The Shiv Sena is not certain that it will emerge as the major partner, while the BJP hopes to do even better than last time, thanks to the image of the party after the achievements of the Vajpayee government. The Shiv Sena cannot claim any credit for it, while it will take a lot of effort to live down the disgrace some of its ministers have acquired.
Its latest effort to browbeat the minorities into voting for its candidates has also misfired. The targeting of veteran actor Dilip Kumar to demonstrate his patriotism by returning the Pakistani award, Nishaan-e-Imtiaz, was to send a distinct message to the Muslims to be on the right side.
Dilip Kumar had learnt his lessons of humanism from close association with V.K.Krishna Menon, Rajni Patel and his own intellectual interactions with a vast array of talented men who had laced Indian (and primarily Hindi) cinema on the world map. They all stood for humanism, world brotherhood, peace and the broader values of life. These are concepts alien to the Shiv Sena.
The BJP, as a mature political party realises that it cannot terrorise the minorities into voting it to power again. It knows it can deal with the minorities after it has consolidated its administrative hold over the country. It still needs the support of the Shiv Sena and will continue to tolerate its tantrums and irrational behaviour.
Will PM silence opponents of
FACTION fights, splits, war for the symbol and office and then reunification all this birth and death syndrome is not new to the Janata parivar. Like the avatars, it has been an endless process which often serves a political purpose at a point of time. Only the personalities and content of controversies change. Therefore, few shed tears over the latest split of the Janata Dal or the decision of Sharad Yadav, Rambilas Paswan and J.H. Patel to join the Hindutva camp. The first two had fought the last Lok Sabha election with the Samata Partys support. Now it has been formalised.
It is also widely known that Sharad Yadav, once a protege of the anti-RSS firebrand Raj Narain, had tried his best for a last-minute seat sharing arrangements with Laloo Prasad Yadav. Dispute over two seats not Madhepura had made him take the plunge.
While the new split will help the two Bihar leaders, J.H. Patels plight is really pathetic. The Karnataka BJP has bluntly snubbed him.
For the first time after 1998, the BJP, which had gone in for its fairly successful strategy of establishing parliamentary majority through cooption and adoption, finds it an extremely bitter pill to swallow. A month back, the other component of the BJPs alliance strategy simultaneously accommodating two congenital enemies also collapsed in Haryana.
For the first time, again, admission of a political group has led to intense conflict between the BJPs own state unit and the central leadership as well as between Atal Behari Vajpayee and others in the ruling party. This is because in many states, the BJP alliance has reached saturation point. Any more addition in such states would lead to a clash of interests as the existing constituents will have to vie with each other for the shrinking political space. This has been a common side-effect of the coalition experiments wherever they have been tried out.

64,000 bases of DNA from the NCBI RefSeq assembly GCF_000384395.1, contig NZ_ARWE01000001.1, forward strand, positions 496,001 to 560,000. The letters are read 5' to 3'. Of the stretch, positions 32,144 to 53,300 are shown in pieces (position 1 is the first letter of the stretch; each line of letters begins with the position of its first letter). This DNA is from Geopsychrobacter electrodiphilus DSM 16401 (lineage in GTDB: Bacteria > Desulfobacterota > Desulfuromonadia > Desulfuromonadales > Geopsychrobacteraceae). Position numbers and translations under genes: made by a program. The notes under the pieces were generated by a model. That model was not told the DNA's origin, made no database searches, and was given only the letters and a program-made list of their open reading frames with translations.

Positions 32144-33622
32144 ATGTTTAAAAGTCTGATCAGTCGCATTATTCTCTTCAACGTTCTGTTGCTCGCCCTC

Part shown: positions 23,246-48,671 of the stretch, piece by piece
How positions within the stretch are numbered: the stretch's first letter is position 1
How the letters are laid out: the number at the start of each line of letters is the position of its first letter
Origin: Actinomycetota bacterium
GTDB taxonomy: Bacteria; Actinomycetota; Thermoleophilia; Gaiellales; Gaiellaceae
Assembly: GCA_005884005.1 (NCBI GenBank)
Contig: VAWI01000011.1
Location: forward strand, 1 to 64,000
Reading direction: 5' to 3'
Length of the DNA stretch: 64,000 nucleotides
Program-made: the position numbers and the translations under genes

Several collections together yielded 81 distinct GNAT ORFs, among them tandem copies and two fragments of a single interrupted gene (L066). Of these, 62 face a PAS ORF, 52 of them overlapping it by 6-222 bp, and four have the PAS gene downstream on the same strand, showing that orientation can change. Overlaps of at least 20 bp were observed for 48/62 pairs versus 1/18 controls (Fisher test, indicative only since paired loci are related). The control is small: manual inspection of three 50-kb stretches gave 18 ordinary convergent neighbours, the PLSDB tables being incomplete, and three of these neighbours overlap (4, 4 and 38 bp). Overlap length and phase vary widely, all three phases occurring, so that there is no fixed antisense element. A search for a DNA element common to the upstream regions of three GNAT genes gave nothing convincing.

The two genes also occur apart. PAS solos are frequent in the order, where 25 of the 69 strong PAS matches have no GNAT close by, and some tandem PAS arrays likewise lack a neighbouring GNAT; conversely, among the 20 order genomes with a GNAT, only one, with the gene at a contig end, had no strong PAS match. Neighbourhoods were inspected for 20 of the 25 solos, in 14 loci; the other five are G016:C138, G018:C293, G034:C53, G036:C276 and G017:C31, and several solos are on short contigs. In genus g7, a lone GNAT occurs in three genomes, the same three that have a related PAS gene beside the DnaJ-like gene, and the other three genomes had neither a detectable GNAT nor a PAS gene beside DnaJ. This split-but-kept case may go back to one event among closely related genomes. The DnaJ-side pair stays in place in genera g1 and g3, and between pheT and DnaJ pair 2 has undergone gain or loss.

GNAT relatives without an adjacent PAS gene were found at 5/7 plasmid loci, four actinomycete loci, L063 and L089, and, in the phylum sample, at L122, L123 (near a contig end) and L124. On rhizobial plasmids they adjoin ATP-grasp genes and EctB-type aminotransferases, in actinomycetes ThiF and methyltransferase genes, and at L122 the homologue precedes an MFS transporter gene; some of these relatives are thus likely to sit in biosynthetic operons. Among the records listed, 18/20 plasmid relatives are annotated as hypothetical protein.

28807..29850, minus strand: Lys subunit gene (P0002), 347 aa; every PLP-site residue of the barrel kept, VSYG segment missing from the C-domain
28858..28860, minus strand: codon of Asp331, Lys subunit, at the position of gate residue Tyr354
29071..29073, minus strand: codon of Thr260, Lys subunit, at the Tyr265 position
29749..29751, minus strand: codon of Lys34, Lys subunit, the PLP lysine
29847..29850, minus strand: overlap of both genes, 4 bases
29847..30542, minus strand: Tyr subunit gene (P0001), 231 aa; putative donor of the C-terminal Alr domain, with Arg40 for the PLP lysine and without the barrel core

The cooption of the fragile JD unit under Paswan and Sharad Yadav in Bihar did not cause any schism because of the recent desertions from the BJP and Samata to the Laloo camp. Also as opposition, the Samata-BJP combine still lacks the necessary support at the ground level.
Thus the most visible signs of a clash of interests come from Karnataka, where each player is covertly trying to push his agenda. Ramakrishna Hegde, who thought himself as Prime Minister stuff, was so far content with being an ordinary minister under Vajpayee. If the BJP-Lok Shakti combine gets a majority in the ensuing assembly election, it will be too much for a senior leader like Hegde to let to the Chief Ministership as well. Hegde has calculated that if a substantial chunk of the JD merges into his party, he will have a bigger claim for more assembly and Lok Sabha seats. This will enable him stake his claim for Chief Ministership after pushing J.H. Patel to the Centre, if the BJP happens to get a majority.
The Karnataka BJP leaders fear that if more unwelcome elements with doubtful claims of ground support are allowed in, it will upset all calculations in ticket distribution. Disappointed aspirants will turn rebels. Moreover, all BJP factions in Karnataka are united in frustrating Hegdes cunning moves to wrest a domineering role for his party by way of bringing more of his old friends into the alliance. Understandably, BJP leaders also feel upset at the prospect of having to defend a Chief Minister whose performance the party has been exposing throughout.
In any case, the local BJP leaders cannot tolerate J.H. Patels style of functioning and his habit of loose talk. Now the Congress is going to be the biggest beneficiary of the popular disenchantment with Patels performance. It has already gained from the desertion from the state Janata Dal B.S. Yadiyurappa, the BJP aspirant for Chief Ministership, has openly warned the BJP leaders at Delhi that he would snap ties with the Lok Shakti if it brought in the JD leaders. The People of Karnataka are fed up with the JD government. It is a discredited government, he had asserted. Neither Hegde nor George Fernandes had consulted the local BJP leaders about the merger which made them more suspicious. The state leaders had expressed their resentment during their meeting with Vajpayee.
Second, the Fernandes-Hegde moves on the eve of the elections reveal two facts lack of coordination among the top BJP leadership and Atal Behari Vajpayees determination to assert his own personal agenda. Even as the Karnataka BJP leaders have been crying hoarse, Vajpayee has been keeping in touch with the Fernandes-Hegde duo and J.H. Patel on the merger. At one stage, the PMO had blandly denied Patels revelation that he had a long telephonic discussion on the dialogue with Vajpayee. But the next day, the two had met again on the issue. This sort of prevarication leads to the conclusion that Vajpayee has been pressing a different line independent of the state BJP and the central leaders. Significantly, the only condition put forth by the Fernandes-Hegde due has been that the new converts should accept Vajpayees Prime Ministership.